Community News

Academic All-Stars

Four-year Academic All-Stars are, from left, Seth Killam, Dalton Dewayne Hamilton, Adonis Williams, Olivia Simmons, Johnika Roberts, Christiara Jones,
Mary Thompson Lancaster, Alexis Ann Hollinger, and Kyle Hostetler.
Johnika Roberts is presented the Randolph B. Luttrell Sr. Memorial Scholarship by Rotarian Mary Beth Lancaster.
Darrica James is presented the William and Mary Grissett Memorial Scholarship by Rotarian Mary Beth Lancaster.

Rotary honors 146 students from 4 local schools

News Staff Writer

For the 34th successive year, Atmore Rotary Club continued to “build a tradition of excellence” through the recognition of local and area students who stood head and shoulders above most of their classmates.
The local civic group’s annual Academic All-Stars program, held Thursday, May 9, at Escambia County High School’s Hodnette Auditorium, resulted in certificates of achievement for 146 students in grades 9-12 at Atmore Christian School, Escambia Academy, ECHS and Northview High School. It also resulted in the awarding of more than $20,000 in scholarships.
“Thanks to generous advertisers and sponsors, we are able to give around $20,000 in scholarships this evening,” said Mary Beth Lancaster. “We’ve been able to increase the scholarships, so those who were Academic All-Stars four years in a row will get $700 each; those with three years in a row will get $450; those with 2 years will get $350, and the seniors who earned it for the first time received $250 each.”
Two Escambia High students — Johnika Roberts and Darrica James — were recipients of, respectively, the Randolph B. Luttrell Sr. Memorial Scholarship and the William and Mary Grissett Memorial Scholarship. Each of those awards carried a $2,000 endowment.
The academic recognition ceremony was conducted before a crowd of about 400 people, including Escambia County Superintendent of Education John Knott, Assistant Superintendent Beth Drew and Board of Education Chairman Willie J. Grissett and Mayor Jim Staff.
Knott expressed his satisfaction with the Rotary program and its focus on academic achievement.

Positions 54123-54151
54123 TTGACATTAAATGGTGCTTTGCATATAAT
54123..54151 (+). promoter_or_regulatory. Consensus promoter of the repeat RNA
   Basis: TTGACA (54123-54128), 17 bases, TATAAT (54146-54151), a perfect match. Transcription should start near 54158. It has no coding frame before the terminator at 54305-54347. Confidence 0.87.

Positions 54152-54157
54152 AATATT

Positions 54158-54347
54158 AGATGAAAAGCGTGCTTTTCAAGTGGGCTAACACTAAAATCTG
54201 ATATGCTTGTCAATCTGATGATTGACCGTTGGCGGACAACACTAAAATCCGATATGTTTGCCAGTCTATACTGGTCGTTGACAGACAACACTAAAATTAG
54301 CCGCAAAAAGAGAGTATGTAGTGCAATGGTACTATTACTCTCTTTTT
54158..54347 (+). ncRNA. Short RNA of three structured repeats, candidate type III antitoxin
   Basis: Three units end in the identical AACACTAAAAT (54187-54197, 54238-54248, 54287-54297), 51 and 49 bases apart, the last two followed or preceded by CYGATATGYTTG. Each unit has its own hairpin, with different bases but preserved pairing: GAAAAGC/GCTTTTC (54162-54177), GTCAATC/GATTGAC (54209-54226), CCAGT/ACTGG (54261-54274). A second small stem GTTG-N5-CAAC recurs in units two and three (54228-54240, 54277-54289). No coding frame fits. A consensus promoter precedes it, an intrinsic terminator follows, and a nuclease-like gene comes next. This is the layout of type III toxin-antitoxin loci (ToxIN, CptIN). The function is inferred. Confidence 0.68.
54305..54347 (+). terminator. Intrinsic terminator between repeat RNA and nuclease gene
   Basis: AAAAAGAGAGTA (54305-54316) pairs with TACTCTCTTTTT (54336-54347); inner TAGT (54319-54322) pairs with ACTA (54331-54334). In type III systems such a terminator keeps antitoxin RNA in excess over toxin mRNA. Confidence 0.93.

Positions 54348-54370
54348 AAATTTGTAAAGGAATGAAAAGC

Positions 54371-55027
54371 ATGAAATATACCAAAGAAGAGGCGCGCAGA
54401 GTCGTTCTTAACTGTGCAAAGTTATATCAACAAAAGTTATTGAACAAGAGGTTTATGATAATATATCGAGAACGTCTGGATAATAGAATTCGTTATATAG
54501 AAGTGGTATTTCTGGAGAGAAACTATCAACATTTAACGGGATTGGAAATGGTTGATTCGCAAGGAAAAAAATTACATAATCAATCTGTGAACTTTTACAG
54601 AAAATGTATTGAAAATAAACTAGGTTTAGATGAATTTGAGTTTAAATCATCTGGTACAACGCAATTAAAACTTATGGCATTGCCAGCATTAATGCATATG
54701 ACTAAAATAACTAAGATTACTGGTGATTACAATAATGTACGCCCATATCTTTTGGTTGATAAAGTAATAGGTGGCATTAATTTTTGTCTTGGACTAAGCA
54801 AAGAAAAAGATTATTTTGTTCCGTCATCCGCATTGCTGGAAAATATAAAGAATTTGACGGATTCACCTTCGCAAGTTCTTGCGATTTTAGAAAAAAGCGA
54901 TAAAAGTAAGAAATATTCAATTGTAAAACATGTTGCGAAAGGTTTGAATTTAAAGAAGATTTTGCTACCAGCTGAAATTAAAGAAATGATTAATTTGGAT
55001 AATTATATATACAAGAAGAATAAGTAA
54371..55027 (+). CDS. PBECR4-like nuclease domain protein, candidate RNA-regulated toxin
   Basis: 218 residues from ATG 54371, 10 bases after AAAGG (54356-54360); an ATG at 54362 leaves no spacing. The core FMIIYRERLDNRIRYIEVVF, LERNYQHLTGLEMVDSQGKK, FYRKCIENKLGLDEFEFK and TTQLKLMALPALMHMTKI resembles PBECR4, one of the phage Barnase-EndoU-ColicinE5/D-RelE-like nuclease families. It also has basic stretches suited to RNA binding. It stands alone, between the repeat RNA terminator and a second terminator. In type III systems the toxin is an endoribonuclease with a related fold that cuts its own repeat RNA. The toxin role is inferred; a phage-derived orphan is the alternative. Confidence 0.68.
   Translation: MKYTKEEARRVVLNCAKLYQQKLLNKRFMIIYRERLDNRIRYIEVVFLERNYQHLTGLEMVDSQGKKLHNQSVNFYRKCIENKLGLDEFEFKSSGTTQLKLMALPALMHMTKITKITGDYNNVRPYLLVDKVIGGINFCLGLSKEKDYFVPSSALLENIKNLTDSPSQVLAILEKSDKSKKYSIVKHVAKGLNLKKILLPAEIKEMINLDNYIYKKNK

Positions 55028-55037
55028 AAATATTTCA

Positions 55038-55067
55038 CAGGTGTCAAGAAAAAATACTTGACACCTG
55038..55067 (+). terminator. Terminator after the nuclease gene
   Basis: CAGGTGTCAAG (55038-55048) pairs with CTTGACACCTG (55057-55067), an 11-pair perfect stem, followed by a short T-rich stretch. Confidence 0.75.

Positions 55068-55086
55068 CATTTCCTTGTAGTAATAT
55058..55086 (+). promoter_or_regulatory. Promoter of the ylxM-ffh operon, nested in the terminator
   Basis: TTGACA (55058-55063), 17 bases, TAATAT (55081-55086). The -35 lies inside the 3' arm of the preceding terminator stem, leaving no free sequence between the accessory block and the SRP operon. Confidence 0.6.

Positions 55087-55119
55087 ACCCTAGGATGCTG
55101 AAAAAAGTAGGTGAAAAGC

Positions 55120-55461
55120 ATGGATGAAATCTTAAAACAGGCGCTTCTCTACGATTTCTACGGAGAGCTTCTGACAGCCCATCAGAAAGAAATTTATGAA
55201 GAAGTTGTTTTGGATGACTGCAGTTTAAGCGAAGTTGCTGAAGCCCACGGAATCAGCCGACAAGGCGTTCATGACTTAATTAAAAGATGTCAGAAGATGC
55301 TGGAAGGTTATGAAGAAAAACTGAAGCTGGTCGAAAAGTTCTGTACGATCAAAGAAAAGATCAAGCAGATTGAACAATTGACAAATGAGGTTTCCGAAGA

“This has been one of the most outstanding programs of its kind in the state,” the school superintendent said. “There are multitudes of communities coming together, and everybody is here for the students. It’s not about what school you went to, or your child goes to, it’s about the kids. They’re here to celebrate what their kids have done.”
Nine students received special recognition for earning Academic All-Star status for four straight years. Those students are Dalton Dewayne Hamilton (NHS), Alexis Ann Hollinger (EA), Kyle Andrew Hostetler (ACS), Christiara Jones (ECHS), Seth Killam (NHS), Mary Thompson Lancaster (EA), Johnika Roberts (ECHS), Olivia Rayleen Simmons (ECHS) and Adonis Williams (ECHS).
This year’s featured speaker was Aylia McKee, who oversees a staff of 42 as director of the Public Defender’s Office for Montgomery County.
McKee quoted Aristotle and Robert Kennedy while driving home a message encouraging continued excellence that doesn’t rely on comparisons to their peers.
“You do not have to beat anyone to be a leader,” she said. “You have to beat laziness, procrastination and peer pressure. Excellence will always entail hard work. The difference between dreams and reality is action.
“You might not be the captain of the team, but you could lead the team in scoring. You might not be the editor of the paper, but you might write the award-winning story. Always remember that actions are more important than titles. And put God first, no matter the circumstances.”
She used an analogy involving three pots of boiling water and a potato, an egg and some coffee beans
“The potato, egg and coffee beans each faced some adversity, and each acted differently,” she said. “The coffee beans were unique in that they changed the water, created something new.”
She also stressed that choices, along with the consequences of them, will play a major role in success or failure.
“Each one of you, like all of us who came before you, will be judged on the choices you make,” she explained. “It all comes down to making the right choices. Please understand each accomplishment you are being honored for tonight; please remember to make the act of making good decisions a repetitive process. You can remain a coffee bean, or you can become the potato or egg.”
“If you could put all these kids into the same school, you would have the best school in Alabama,” noted ECHS Principal Dennis Fuqua. “It blows my mind every time.”
Geri Albritton, mother of honoree Addison Claire Albritton, said she and husband Olan can take little credit for the success of their daughter, a junior at Northview.
“She has enough determination and self-motivation that I don’t have to do a thing but feed her,” laughed Mrs. Albritton.